During his farewell address, President Obama asked us to remember as we go forward that “…laws alone won’t be enough. Hearts must change. If our democracy is to work in this increasingly diverse nation, each one of us must try to heed the advice of one of the great characters in American fiction, Atticus Finch, who said “You never really understand a person until you consider things from his point of view…until you climb into his skin and walk around in it.”
Essentially, President Obama is asking us to have empathy for one another.
It’s not difficult to empathize with the millions of people who will be affected by the repeal of the Affordable Care Act. Since the Senate’s middle of the night voterama on the morning of January 12th , 2017, which began the repeal of Obamacare, thousands of people have taken to social media ( using the hashtag #SaveACA) and shared the ways in which the ACA has benefited them and what it would mean if it were entirely repealed. Bernie Sanders, as well as other progressives, denounced the repeal as a death sentence for thousands of people per year.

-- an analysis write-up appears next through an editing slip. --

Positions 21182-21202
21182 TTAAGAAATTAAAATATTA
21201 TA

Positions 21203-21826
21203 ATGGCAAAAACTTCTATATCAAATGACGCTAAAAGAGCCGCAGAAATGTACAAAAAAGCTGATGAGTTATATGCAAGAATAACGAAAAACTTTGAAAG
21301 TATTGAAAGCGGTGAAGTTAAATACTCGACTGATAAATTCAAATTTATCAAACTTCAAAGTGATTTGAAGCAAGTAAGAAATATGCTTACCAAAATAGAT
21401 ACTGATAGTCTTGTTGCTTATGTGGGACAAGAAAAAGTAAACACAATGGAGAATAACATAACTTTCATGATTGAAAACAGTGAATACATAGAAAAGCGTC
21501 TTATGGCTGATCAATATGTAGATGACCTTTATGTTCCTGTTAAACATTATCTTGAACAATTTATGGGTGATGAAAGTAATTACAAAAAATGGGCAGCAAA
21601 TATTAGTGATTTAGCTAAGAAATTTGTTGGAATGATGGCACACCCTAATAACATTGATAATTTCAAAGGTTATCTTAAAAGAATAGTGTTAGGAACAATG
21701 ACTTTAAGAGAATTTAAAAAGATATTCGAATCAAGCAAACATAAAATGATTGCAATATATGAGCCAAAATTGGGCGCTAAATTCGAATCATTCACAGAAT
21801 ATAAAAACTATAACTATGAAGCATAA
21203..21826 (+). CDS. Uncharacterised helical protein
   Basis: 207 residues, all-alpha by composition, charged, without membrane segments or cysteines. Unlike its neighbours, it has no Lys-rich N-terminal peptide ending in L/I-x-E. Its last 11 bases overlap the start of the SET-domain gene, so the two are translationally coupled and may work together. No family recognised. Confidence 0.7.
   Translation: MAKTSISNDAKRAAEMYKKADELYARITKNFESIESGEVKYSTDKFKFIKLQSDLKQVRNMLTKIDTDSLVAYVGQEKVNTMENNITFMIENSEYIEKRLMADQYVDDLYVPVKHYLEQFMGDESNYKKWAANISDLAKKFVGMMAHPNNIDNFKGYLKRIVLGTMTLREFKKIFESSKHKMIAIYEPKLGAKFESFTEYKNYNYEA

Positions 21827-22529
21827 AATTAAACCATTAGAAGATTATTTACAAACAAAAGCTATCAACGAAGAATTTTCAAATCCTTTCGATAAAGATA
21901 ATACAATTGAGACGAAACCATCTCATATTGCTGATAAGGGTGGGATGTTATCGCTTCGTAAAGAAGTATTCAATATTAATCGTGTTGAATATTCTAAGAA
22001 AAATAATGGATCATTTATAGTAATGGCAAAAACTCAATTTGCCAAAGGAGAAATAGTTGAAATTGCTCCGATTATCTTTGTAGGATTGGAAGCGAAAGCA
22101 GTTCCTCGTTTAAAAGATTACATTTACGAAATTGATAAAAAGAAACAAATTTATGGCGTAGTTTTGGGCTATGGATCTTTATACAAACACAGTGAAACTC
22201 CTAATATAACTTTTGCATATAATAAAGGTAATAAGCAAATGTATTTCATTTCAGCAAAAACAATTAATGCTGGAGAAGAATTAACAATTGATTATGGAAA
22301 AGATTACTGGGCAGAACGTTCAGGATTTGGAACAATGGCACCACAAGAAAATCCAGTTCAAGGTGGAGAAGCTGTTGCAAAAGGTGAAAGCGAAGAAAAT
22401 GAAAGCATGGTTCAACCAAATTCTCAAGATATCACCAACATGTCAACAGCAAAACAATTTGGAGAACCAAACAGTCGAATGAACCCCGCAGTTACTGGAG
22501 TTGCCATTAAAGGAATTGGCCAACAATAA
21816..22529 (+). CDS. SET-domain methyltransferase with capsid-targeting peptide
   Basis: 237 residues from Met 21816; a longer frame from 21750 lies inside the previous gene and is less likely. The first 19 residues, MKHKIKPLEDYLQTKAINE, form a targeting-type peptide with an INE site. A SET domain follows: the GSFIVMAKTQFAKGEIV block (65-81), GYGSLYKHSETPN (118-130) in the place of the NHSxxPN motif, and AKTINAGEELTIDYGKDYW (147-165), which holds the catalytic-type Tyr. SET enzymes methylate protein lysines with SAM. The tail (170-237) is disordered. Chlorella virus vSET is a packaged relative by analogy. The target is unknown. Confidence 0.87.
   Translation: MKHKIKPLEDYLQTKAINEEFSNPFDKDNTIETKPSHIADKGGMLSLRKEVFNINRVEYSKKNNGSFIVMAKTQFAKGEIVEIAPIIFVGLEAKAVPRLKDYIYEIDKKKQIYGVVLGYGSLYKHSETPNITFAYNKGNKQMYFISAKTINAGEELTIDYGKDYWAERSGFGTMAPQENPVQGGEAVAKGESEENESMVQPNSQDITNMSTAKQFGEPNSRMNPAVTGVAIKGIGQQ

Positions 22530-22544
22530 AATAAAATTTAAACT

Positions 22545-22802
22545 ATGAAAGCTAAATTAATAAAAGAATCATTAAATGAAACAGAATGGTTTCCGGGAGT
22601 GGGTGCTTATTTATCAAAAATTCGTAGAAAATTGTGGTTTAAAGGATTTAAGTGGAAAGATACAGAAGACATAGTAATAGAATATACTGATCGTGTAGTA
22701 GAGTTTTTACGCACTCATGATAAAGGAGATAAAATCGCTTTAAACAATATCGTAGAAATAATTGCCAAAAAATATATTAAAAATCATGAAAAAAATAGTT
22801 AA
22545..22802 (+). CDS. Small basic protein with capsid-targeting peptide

What is more difficult to empathize with is Republican lawmakers’ reckless “repeal and run” attitude towards a program that provides healthcare to many who had limited or non-existent care before now.
As with any new program, the ACA has suffered its share of hiccups and criticisms. One of the main causes for concern among constituencies is how premiums and deductibles rose after Congress passed the ACA. It’s important to understand that one of the reasons this happened is purely political.
When the ACA was passed, Medicaid expansion in the states was intended to be part and parcel of expanding coverage to very low-income people. But many states with Republican leadership declined to expand Medicaid (Texas is the largest state that refused to expand Medicaid). Likewise, Congress had ample opportunity since the law’s original passage to fix problems that would make the law’s implementation more effective and would positively impact the state insurance marketplaces, but under Republican leadership it has refused.
What is the reported cost to the American taxpayer of this repeal? An estimated $350 billion dollars over the next ten years.
Who does this repeal stand to benefit the most? The wealthiest 400 families in the country. The following graphic illustrates how certain elements of this repeal would stand to benefit those who need no help at all:
Do you disagree with the Republican leaders underhanded tactics in effecting this repeal? Do you think a suitable replacement should be devised before millions of people are left without healthcare insurance? Are you tired of polices that benefit the few while taxing the masses into oblivion?
If you’re in Texas, please call John Cornyn, Ted Cruz, and your district’s representatives. You can access a script in regards to this issue by clicking here. Also, browse this site for other grassroots ways to get involved!